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coverpic flag England - Full Moon 203 - 03/27/13

Palma Violets
Rough Trade

Palma Violets were one of the big hypes in England last year. The quartet hails from Lambeth, London, and their debut single "Best Of Friends" (which is 180's opening track) was voted 'Song Of The Year' by NME, and at the NME awards (held in late February, some weeks ago) they were awarded 'Best new band in Britain'. "No way! This is amazing! I can't believe it! Thanks everyone at fucking Rough Trade", bassist/vocalist Alexander 'Chilli' Jensen bursted out, before he jumped on-stage first before shouting "Free Pussy Riot!" as he left with the award.

The quartet - the aforementioned Jesson (vocals, bass), Samuel Thomas 'Sam' Fryer (vocals, guitar), Jeffrey Peter Mayhew (keyboards), and William Martin Doyle (drums) - play rock with a bratty, cocky attitude and a 'garage-ish' expression, but they're not without nuances. This is not the '1-2-3-4-go!' thing. Palma Violets heavy use of keyboard in their sound/songs, pull them away from many a regular bratty, cocky rock band. 180 was produced by Steve Mackey (of Pulp) and Rory Attwell (once part of the now defunct punkster combo Test Icicles). I guess that could be a reference point as well, if one could imagine Pulp and Test Icicles crisscrossing each other. In musical style Palma Violets follow a long line of bands from the 1960s, throughout the 70s, the 80s, the 90s, and up to the present, such as: The Who, The Yardbirds, The Pretty Things, Ramones, The Clash, Iggy Pop, (only slightly) Echo & The Bunnymen, The Jesus and Mary Chain, and later on Spiritualized, The Strokes, The Libertines (plus Babyshambles and Dirty Pretty Things), Glasvegas, maybe even The Vaccines and The Arctic Monkeys should be listed.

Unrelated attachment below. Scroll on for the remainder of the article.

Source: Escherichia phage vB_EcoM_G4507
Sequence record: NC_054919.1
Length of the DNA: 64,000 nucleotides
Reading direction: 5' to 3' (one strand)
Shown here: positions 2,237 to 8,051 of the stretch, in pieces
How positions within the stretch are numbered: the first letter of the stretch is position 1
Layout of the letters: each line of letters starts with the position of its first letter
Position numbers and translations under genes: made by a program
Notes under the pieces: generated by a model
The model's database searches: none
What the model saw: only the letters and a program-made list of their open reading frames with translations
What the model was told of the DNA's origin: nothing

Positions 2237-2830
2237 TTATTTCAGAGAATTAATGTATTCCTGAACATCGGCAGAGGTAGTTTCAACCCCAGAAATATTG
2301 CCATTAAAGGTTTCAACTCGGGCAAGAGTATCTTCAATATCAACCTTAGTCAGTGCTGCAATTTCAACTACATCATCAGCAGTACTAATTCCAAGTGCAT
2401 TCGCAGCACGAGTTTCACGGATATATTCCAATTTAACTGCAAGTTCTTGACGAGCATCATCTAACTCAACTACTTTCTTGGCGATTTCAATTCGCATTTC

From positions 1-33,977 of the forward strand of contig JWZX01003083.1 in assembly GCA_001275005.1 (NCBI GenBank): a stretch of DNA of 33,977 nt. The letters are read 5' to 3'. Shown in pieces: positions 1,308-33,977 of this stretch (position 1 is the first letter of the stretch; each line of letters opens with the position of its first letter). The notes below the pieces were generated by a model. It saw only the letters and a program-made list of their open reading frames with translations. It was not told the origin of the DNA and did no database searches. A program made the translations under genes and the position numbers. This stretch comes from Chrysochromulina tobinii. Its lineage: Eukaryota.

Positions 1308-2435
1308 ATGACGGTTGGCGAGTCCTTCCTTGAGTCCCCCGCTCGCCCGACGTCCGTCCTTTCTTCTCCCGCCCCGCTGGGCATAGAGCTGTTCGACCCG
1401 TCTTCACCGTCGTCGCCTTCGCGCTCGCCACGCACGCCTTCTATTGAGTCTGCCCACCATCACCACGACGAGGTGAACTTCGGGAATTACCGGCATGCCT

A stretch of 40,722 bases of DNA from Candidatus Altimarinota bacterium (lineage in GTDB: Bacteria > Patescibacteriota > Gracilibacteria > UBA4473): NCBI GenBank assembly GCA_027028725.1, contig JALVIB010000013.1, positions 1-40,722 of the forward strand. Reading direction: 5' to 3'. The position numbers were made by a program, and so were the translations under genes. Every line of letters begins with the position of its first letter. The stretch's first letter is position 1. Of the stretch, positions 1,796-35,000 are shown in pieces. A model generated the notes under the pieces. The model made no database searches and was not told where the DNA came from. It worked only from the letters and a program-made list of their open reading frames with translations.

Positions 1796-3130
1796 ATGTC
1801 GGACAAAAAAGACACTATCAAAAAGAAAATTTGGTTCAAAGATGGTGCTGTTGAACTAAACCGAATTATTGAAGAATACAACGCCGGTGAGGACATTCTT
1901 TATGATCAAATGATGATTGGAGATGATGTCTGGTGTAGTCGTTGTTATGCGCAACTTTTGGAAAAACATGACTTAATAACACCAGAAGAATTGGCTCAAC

180 opens with their debut single "Best Of Friends", and it's sort of like a slogan, a motto, or an emblem for the band. It's a cool and energetic song, and I can understand why (and how) it propelled and launched the band in their homeland. Even though the British music papers have a long tradition of hyping their local bands to the skies and above, they sometimes make a hit with their foreseeing. The keyboard driven "Step Up for the Cool Cats" is where Spiritualized (and The J&MC) shines through. "All the Garden Birds" comes as a surprise, and I'm almost recalling The Feelies in parts of the song. The Feelies meets The Strokes. Well, namedropping aside; it's a bad habit, or a bad sign for a band being reviewed, dropping names all the time as a description of the music. Sometimes it's hard to avoid, and sometimes I guess it's an honour for a band to be compared to possible faves/heros/models.

Palma Violets do have their own expression as a band, and 180 is enjoyable listening. Nevertheless, in my view I think they should've trimmed the album a bit; maybe cut away a couple of songs and presented a dynamite half hour. Anyway, 180 is cool. They do sound 'for real'. Come on do the Lambeth walk!

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